Answering phone calls

Phone calls are a connection with the outside world. They can save a life. They can connect you to family and friends. They can be job related. They can be calls from Nigerian princes wanting to fleece you of your hard earned money. They can be congratulating you on winning a competition you entered. They can be good news and bad. They can be reminders of appointments. Although nowadays reminders are texts or emails. Automated to be more efficient.

“No Caller ID” lights up your phone when it rings. Do you answer it?

I do at the moment. I have appointments and deliveries and pick ups to co-ordinate so I pick up. Normally I wouldn’t.

So I was sitting down in a restaurant to eat a cheese burger. My first outing in six weeks. What do I do when the meal arrives. I answer the phone.

What I should have done was this. Answer the phone and ask the caller to call back in half an hour. And if I feel the need to give an explanation I say that I’m just about to eat lunch. Done. Then hang up and eat.

What I did was answer the call, never mentioned the food, being time sensitive, and slowly getting cold in front of my eyes. I replied in all the right places and continued the short call, but I did not concentrate as I was thinking the entire time of the burger in front of me. I hung up at the end of the call. I remembered none of the important information. I can’t say it was multi-tasking I was attempting. It was single tasking poorly. I was distracted. I was considering the other person at the end of the phone over myself. I was attempting to be polite.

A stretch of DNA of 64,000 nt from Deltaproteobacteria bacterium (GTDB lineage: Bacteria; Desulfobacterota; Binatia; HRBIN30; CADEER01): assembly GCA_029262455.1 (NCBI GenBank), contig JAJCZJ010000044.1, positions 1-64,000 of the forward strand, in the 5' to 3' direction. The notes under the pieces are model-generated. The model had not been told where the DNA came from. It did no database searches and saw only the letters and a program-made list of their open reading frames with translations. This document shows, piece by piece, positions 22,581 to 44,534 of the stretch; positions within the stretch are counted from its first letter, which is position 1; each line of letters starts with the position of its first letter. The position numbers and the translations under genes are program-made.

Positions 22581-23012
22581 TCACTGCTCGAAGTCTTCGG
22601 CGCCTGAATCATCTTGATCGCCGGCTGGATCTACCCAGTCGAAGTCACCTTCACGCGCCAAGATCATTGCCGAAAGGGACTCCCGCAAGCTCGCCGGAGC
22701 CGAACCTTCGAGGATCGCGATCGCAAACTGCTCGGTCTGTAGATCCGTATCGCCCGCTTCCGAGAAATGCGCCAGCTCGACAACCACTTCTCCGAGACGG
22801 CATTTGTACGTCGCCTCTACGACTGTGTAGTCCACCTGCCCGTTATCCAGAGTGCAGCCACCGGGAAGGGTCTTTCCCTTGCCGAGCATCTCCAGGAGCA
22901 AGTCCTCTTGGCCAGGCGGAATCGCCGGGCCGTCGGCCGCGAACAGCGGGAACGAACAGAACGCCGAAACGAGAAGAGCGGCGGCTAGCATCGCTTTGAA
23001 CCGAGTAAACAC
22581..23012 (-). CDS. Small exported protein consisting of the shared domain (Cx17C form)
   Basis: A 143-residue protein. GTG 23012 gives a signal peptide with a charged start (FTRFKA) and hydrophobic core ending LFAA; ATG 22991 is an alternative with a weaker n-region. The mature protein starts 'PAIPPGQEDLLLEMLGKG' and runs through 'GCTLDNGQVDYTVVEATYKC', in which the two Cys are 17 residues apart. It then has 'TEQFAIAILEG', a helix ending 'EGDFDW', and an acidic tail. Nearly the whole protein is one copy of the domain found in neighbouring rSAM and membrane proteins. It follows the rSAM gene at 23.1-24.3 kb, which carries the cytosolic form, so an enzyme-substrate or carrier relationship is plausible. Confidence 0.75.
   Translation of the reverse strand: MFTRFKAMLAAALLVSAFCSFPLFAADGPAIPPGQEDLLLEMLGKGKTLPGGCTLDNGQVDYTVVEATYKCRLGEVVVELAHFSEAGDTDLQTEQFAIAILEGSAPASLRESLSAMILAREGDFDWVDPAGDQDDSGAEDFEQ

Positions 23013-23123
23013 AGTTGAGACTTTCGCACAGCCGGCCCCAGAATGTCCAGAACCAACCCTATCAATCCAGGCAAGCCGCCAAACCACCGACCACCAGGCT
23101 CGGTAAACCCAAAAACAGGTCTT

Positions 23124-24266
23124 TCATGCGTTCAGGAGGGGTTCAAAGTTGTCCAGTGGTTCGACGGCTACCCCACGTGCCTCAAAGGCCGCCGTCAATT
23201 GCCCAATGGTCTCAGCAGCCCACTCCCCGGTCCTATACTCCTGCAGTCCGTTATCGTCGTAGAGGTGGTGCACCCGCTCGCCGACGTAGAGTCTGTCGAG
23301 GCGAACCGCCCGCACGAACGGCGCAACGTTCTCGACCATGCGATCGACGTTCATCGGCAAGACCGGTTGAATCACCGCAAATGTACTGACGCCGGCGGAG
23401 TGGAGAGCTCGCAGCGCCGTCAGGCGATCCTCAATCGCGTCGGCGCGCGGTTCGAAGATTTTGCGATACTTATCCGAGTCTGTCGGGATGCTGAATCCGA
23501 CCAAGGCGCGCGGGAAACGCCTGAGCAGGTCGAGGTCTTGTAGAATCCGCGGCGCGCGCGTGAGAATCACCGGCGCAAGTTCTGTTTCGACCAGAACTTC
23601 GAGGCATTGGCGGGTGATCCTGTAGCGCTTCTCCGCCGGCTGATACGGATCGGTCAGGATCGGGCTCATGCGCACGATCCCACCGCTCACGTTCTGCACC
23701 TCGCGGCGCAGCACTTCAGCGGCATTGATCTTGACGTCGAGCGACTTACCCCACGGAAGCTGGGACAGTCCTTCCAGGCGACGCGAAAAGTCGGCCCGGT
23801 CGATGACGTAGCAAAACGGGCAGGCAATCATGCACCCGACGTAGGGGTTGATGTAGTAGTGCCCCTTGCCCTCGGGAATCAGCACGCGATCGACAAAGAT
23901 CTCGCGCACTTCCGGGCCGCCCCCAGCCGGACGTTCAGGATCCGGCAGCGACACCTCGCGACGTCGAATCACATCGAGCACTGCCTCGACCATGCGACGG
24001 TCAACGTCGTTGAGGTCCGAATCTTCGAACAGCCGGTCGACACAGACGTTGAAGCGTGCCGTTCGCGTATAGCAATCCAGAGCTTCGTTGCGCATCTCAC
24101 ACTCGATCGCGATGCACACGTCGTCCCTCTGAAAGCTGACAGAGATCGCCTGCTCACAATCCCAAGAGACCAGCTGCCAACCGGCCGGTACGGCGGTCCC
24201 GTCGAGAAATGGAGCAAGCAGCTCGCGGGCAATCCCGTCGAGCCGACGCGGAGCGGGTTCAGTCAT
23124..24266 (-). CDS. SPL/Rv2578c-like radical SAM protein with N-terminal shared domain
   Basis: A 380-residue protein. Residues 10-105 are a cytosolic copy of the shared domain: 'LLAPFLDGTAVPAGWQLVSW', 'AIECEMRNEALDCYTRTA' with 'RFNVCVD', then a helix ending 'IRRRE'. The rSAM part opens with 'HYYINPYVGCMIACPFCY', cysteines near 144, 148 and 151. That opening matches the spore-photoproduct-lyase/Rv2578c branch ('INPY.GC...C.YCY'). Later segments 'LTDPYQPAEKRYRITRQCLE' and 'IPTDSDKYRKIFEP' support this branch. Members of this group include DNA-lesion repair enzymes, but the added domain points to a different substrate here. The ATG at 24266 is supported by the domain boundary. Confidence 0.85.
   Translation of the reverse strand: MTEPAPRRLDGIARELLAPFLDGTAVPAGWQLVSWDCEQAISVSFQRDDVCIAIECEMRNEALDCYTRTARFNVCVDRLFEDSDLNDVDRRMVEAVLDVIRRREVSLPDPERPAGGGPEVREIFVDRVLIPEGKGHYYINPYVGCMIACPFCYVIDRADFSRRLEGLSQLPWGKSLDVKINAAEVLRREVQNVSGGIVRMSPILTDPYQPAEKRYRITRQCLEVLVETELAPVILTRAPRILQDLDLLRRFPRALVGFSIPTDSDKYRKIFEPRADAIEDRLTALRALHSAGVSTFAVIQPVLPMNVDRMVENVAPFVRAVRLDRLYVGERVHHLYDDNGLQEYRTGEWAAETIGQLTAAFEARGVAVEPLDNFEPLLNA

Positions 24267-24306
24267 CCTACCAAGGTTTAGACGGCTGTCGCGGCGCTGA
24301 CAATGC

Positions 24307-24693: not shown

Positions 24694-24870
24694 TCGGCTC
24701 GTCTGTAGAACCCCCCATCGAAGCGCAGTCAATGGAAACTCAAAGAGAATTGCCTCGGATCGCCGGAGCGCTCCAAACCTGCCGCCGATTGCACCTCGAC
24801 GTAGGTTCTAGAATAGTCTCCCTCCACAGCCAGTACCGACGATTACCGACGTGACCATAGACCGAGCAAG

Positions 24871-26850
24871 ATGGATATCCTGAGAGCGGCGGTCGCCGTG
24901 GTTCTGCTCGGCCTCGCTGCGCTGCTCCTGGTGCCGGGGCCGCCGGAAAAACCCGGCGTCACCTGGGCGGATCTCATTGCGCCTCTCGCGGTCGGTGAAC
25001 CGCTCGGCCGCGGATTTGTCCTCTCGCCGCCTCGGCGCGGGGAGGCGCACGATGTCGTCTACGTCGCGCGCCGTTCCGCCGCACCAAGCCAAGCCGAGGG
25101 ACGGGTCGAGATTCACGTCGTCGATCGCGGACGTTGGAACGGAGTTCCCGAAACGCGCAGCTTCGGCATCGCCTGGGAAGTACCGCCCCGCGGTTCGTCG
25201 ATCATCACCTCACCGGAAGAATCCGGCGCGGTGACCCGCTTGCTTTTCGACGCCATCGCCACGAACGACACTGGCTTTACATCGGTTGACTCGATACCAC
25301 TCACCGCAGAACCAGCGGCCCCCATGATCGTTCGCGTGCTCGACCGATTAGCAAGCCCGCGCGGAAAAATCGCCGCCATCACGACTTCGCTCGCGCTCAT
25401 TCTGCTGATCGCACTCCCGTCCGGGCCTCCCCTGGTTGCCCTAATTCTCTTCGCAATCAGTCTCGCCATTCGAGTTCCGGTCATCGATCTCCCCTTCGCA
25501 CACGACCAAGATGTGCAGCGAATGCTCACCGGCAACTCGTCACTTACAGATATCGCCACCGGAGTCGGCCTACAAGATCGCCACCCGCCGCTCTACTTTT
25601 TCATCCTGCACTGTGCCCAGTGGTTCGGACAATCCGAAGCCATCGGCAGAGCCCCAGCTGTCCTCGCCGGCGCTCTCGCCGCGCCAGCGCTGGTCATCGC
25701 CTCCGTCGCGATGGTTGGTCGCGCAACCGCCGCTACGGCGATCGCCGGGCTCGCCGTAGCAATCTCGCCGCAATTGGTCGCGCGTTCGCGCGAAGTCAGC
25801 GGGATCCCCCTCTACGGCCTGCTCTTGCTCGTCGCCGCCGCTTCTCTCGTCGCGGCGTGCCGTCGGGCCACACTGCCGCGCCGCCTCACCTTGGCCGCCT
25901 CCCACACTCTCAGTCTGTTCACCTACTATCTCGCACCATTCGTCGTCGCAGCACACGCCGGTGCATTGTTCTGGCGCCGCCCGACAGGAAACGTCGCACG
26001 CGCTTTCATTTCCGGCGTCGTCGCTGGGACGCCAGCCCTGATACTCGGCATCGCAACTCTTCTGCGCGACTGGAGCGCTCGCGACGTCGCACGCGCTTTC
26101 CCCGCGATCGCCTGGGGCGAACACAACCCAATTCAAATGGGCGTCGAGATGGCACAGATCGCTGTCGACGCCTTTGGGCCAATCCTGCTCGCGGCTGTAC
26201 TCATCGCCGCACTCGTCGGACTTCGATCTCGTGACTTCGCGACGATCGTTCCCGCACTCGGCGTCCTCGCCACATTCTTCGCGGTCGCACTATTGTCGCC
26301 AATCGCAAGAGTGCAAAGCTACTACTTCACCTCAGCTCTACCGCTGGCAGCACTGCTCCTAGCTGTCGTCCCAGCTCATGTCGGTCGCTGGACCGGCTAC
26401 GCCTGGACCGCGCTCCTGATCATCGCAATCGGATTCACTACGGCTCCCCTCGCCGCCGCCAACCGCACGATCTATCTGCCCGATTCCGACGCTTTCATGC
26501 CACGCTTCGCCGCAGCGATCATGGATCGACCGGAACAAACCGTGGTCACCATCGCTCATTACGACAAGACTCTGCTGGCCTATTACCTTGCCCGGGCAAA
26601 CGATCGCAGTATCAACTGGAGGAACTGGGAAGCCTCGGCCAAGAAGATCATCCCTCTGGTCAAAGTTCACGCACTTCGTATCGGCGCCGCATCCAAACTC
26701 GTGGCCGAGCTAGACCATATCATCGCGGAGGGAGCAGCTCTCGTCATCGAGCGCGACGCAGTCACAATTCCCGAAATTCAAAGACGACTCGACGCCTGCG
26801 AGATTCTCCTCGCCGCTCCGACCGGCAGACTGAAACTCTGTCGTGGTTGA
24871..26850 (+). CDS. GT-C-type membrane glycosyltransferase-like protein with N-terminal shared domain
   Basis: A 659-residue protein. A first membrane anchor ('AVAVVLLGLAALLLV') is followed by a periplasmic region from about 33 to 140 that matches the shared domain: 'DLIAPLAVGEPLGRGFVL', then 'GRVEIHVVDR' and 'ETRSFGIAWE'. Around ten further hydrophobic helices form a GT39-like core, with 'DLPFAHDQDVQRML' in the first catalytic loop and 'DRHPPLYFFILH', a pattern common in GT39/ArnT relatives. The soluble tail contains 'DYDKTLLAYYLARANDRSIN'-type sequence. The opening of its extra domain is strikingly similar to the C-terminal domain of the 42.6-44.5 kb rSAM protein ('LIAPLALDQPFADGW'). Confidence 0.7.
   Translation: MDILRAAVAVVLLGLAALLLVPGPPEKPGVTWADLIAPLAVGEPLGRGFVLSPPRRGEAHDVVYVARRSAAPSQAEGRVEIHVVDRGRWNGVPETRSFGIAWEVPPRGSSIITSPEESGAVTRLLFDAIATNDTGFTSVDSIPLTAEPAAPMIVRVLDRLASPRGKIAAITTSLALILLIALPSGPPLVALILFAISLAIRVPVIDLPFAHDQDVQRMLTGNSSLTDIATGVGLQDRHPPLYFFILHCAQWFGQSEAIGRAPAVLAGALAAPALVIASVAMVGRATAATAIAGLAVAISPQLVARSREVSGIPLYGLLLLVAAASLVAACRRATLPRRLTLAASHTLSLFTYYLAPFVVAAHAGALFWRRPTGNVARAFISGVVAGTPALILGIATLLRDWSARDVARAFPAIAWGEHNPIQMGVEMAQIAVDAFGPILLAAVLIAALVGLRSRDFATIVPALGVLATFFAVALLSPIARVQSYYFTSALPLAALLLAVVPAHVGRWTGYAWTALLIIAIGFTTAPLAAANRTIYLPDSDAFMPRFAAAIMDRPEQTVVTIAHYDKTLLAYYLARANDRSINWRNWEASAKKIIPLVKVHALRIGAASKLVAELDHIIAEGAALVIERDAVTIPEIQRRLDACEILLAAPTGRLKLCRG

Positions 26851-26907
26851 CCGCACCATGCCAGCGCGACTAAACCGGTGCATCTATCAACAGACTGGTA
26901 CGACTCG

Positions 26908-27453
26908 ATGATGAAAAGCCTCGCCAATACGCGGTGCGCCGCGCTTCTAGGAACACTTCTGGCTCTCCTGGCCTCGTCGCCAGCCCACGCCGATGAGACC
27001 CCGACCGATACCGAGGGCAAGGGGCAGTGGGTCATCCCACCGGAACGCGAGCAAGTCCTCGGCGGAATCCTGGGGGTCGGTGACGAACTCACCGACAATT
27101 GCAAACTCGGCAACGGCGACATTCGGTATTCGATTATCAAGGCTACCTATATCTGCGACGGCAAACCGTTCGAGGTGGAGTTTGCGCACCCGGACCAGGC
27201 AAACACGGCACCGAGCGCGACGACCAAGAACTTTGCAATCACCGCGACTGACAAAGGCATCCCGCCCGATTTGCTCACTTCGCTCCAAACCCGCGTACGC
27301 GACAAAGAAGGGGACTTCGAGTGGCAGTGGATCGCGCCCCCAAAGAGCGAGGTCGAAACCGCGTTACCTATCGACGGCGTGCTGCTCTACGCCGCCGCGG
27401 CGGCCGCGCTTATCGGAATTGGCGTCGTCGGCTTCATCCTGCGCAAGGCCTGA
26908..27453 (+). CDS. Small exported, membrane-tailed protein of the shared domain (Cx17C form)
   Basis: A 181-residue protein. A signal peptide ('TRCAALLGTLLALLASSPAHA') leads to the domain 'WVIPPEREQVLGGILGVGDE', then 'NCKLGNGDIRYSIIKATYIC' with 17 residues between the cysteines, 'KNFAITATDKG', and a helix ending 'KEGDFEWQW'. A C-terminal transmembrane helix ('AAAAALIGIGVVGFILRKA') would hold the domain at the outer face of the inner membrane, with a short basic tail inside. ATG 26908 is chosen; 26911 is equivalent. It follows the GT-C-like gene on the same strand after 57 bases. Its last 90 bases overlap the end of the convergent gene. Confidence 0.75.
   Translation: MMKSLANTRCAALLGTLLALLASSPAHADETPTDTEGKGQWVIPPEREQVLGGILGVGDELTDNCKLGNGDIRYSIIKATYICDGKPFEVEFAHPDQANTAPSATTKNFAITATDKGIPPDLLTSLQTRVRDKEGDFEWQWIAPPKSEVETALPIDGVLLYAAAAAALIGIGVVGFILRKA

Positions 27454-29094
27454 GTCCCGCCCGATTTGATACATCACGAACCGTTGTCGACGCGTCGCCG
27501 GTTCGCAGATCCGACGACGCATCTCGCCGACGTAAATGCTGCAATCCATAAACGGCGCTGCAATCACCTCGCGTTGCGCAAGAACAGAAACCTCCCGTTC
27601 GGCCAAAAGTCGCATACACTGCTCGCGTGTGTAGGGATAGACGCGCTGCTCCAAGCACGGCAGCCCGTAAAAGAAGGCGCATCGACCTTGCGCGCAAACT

In actual fact I was believing I was being polite by staying on the line. I was not respecting myself. I was not respecting the other person either. I wasn’t listening. It was not a conversation. Talking was involved but I was not listening. It was the pretence of interaction. I was not mindful of the conversation. I was not present in the conversation. I was there yet I was not.

I was not respecting the person who made the burger. I was not respecting the person I was with at the table.

DISRESPECT all around.

I can do better.

I know my behaviour is learned behaviour. It is behaviour I want to unlearn. I have observed myself and my actions. I do not like the actions. I know of better actions I can do to replace this automated behaviour. It will take practice. I am willing to change. I can do better.

One good choice at a time.

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